Both sides described the Lahore meeting as informal and cordial, but it was no mere social call. Analysts saw greater import: Kayani visited Sharif even before the prime-minister-in-waiting has been formally elected by Parliament and taken the oath of office.
The military said no other army chief had ever done that, but then Pakistan is entering a period of firsts — most significantly, a historic transition between elected governments.
“There are no rules for this because it’s never happened before,” Shuja Nawaz, who directs the South Asia Center at the Atlantic Council, said Sunday. “This will help the incoming administration get out of the blocks faster than expected.”
Nawaz’s party, the Pakistan Muslim League-N, characterized the meeting as a briefing on security matters and a “good omen for democracy.” The army agreed.
“It shows there is no threat to democracy and no tension between military and civilian leadership,” a ranking military official, who declined to be identified because he is not an authorized spokesman, said Sunday. “Both want to work and support each other for strengthening democracy and addressing the grave problems of militancy and terrorism.”
Concerns, common ground
Sharif, deposed in a bloodless coup 14 years ago, imprisoned and then exiled for years, made a remarkable comeback in a campaign that, although heavily focused on promises of rescuing the economy, included pledges to pull Pakistan out of the U.S. war on Islamist extremism, negotiate with domestic insurgents and promote civilian supremacy over national security matters and foreign affairs.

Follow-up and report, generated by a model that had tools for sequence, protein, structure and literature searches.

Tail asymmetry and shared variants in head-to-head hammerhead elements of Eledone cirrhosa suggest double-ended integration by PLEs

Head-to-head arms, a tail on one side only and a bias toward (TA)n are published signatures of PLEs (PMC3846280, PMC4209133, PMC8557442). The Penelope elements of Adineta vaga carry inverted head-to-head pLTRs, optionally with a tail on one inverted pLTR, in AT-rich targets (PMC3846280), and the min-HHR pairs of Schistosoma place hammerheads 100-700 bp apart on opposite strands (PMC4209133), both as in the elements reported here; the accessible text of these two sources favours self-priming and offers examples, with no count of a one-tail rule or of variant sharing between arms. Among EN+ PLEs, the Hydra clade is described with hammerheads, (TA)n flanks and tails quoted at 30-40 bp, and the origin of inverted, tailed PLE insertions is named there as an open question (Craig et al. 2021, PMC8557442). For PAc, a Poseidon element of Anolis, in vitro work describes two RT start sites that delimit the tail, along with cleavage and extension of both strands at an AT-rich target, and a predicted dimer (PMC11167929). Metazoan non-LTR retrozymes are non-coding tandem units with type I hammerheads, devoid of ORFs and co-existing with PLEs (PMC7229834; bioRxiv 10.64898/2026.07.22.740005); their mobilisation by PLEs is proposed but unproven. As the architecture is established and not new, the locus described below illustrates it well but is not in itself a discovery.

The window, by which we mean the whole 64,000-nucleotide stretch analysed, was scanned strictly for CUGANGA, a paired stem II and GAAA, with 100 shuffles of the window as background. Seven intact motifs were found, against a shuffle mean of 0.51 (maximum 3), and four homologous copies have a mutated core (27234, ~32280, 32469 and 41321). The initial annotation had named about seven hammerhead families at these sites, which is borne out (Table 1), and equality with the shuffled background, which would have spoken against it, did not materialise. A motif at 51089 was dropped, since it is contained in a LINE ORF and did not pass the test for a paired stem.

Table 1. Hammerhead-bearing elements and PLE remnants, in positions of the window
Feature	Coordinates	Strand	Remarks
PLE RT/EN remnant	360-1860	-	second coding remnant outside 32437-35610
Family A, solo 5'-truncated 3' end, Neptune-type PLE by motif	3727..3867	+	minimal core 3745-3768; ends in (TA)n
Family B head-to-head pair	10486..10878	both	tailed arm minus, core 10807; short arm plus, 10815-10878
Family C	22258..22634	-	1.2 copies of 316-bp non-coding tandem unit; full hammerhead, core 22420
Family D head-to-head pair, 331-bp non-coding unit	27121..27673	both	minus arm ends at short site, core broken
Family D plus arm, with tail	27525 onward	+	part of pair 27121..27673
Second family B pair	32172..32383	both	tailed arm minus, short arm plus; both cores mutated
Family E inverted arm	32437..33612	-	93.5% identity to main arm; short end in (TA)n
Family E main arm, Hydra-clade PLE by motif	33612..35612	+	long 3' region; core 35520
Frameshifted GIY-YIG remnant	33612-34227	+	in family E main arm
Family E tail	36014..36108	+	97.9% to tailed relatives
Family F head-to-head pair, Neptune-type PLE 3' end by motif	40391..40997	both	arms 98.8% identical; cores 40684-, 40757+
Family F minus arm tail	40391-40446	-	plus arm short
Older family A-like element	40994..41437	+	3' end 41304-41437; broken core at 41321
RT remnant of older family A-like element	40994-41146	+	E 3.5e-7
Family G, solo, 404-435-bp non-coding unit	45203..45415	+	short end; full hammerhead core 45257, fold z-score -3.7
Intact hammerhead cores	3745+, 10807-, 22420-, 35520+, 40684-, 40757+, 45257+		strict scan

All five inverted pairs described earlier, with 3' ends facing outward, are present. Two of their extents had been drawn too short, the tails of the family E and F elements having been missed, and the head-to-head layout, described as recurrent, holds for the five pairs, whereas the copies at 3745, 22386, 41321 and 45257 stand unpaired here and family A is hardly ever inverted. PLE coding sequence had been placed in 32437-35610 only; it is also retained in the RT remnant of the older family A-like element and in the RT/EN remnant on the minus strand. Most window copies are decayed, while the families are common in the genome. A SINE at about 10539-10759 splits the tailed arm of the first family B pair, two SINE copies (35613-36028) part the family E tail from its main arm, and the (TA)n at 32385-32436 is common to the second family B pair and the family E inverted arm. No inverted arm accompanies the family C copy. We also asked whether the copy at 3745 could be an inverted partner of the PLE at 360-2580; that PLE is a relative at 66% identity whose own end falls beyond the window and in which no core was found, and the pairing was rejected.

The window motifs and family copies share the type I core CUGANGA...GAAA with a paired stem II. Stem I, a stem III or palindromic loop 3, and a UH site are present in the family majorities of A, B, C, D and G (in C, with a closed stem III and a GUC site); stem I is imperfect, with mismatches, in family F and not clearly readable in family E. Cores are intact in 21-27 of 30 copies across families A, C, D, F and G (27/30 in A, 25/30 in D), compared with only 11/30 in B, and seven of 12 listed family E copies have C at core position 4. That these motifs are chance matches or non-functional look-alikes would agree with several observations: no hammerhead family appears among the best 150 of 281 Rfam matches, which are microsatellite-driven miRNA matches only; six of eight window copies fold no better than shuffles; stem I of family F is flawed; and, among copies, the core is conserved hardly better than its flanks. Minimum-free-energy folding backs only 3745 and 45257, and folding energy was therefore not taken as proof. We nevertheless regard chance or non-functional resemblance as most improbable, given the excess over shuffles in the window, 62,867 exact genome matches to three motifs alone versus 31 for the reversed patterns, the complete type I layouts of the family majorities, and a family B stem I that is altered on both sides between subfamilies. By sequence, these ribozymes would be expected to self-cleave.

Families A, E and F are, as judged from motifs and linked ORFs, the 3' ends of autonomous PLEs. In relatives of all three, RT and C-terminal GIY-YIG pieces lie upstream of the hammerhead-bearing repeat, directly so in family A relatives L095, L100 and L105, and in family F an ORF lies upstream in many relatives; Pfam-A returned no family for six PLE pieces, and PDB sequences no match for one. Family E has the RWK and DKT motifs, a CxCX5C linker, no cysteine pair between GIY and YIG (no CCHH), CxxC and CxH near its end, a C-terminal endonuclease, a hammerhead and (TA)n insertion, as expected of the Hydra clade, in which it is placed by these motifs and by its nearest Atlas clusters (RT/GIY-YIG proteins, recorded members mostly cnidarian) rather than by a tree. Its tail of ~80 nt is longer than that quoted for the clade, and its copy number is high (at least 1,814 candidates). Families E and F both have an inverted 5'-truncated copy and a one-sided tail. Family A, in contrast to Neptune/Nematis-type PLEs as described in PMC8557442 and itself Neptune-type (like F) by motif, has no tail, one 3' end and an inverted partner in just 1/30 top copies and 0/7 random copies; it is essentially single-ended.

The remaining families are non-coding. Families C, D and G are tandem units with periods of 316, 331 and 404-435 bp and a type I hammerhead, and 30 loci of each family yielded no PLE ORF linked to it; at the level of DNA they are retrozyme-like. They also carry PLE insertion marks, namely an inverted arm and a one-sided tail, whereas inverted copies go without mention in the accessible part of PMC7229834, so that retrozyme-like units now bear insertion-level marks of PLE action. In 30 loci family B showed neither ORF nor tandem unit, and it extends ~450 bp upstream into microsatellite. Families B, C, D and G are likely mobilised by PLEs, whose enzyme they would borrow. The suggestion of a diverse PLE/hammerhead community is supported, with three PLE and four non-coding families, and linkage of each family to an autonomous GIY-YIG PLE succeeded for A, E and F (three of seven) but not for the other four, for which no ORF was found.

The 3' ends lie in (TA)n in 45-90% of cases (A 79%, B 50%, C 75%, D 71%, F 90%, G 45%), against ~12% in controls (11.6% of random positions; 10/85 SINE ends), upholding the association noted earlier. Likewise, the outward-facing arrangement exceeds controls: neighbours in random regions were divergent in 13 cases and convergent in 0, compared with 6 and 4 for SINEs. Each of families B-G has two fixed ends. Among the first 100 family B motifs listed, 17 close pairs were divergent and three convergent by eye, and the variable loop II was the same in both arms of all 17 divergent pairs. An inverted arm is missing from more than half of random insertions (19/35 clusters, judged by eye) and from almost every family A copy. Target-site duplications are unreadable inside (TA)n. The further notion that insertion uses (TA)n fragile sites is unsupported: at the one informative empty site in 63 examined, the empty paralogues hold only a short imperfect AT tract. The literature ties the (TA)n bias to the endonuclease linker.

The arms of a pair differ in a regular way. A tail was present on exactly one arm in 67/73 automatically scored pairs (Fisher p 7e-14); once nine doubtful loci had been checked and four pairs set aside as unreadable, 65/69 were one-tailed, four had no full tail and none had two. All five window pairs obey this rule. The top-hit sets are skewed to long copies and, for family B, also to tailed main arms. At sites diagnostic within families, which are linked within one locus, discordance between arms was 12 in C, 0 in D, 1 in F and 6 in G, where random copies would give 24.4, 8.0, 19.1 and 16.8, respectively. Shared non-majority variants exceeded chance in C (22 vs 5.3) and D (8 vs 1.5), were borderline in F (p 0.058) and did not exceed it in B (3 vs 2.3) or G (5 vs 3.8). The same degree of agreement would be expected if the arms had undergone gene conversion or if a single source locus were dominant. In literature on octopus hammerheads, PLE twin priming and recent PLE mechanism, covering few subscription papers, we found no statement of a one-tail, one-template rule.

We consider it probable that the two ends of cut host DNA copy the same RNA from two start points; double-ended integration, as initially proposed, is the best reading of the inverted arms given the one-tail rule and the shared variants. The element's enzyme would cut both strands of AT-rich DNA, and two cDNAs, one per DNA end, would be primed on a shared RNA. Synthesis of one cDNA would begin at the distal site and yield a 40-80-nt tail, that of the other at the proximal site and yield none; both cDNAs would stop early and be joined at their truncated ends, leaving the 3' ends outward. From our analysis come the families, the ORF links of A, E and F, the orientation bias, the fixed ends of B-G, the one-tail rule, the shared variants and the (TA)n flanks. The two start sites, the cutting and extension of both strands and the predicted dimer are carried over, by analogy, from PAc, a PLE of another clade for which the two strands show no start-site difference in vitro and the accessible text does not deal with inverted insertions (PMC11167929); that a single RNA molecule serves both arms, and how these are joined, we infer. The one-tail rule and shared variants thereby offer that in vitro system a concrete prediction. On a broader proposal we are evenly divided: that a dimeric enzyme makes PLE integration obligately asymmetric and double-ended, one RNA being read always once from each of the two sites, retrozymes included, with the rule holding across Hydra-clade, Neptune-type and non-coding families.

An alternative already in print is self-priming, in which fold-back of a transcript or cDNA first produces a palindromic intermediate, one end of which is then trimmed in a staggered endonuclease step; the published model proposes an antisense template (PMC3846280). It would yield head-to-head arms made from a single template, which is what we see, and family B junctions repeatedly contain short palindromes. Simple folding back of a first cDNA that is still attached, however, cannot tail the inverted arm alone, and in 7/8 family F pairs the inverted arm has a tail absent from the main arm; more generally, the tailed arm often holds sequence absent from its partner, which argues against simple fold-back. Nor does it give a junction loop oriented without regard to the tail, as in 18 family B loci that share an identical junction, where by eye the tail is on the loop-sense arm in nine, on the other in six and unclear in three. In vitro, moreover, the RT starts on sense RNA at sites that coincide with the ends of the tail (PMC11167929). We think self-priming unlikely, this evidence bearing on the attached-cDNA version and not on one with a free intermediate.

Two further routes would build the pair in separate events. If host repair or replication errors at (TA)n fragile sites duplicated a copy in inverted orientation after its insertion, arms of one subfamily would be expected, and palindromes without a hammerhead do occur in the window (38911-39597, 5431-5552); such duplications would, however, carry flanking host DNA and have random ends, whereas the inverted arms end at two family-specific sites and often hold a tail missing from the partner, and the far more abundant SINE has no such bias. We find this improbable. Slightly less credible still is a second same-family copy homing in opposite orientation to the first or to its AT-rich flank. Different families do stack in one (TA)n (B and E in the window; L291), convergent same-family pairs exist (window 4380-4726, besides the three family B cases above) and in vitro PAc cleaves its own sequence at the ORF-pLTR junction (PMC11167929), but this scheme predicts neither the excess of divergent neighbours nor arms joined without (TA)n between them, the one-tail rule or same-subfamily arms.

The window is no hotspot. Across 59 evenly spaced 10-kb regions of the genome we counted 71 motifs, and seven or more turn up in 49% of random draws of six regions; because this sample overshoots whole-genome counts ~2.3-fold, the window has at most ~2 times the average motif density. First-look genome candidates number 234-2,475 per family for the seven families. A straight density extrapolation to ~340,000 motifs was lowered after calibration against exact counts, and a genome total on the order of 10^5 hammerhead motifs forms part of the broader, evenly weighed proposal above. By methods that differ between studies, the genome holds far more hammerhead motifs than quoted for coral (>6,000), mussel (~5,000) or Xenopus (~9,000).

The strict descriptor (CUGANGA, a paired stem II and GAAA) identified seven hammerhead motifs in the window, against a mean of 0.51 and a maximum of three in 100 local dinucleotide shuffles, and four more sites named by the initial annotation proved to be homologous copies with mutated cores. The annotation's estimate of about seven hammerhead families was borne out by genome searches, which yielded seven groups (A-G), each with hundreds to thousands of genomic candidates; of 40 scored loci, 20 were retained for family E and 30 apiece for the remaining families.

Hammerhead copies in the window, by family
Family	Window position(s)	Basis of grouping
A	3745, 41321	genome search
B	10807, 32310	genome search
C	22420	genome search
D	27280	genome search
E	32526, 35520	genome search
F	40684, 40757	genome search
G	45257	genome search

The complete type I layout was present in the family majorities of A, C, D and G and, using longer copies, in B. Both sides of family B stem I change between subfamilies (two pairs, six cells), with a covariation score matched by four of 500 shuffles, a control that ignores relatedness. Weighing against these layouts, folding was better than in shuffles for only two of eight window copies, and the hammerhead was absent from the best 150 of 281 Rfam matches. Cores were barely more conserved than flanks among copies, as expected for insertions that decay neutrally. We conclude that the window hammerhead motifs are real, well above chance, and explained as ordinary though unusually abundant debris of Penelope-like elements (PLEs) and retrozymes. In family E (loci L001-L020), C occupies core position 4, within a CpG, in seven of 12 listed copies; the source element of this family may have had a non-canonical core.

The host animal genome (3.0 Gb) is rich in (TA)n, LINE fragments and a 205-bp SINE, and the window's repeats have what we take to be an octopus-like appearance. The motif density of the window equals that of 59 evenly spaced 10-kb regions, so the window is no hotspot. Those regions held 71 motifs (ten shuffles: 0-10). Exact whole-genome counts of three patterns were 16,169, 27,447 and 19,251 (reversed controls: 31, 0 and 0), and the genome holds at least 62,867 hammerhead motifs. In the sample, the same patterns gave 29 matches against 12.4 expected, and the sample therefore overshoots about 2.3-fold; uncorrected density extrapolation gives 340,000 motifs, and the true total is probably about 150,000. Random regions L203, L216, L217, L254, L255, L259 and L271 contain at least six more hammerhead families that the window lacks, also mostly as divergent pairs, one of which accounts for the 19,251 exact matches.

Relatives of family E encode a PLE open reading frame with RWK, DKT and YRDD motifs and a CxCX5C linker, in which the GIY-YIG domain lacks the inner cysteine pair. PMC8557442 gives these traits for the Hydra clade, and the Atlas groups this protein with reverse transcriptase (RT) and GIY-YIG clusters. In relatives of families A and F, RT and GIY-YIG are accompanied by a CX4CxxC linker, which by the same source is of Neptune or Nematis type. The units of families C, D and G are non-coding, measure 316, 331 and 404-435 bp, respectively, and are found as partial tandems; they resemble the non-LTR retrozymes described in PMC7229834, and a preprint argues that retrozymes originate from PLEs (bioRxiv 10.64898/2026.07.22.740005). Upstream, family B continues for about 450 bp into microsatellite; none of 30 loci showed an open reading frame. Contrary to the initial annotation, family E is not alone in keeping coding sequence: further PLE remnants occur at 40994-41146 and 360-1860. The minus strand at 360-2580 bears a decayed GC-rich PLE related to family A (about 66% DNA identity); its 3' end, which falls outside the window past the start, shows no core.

That political rhetoric raised concern in a country where the military establishment pulls the strings even when not officially in power, as it has been for more than half of Pakistan’s existence. Elected leaders cautiously stay within the strictures placed upon them by the military chiefs and the Inter-Services Intelligence spy agency.
The country’s pundits and political leaders have been hanging on the question of how much room the army will give Sharif to make decisions after he easily locked down enough seats to head the new government.
“The meeting has set a new trend, as army chiefs in the past considered themselves too big and too powerful to call on political leaders,” said Shaheen Sehbai, an editor with the daily News International. “Kayani has again shown that the army under him is trying to support democracy.”
The army considers itself the final arbiter on foreign policy, especially regarding the flash point of Kashmir — the disputed Himalayan territory over which Pakistan and India have gone to war three times — and internal and external security matters, including its sometimes-strained relationship with the United States and NATO.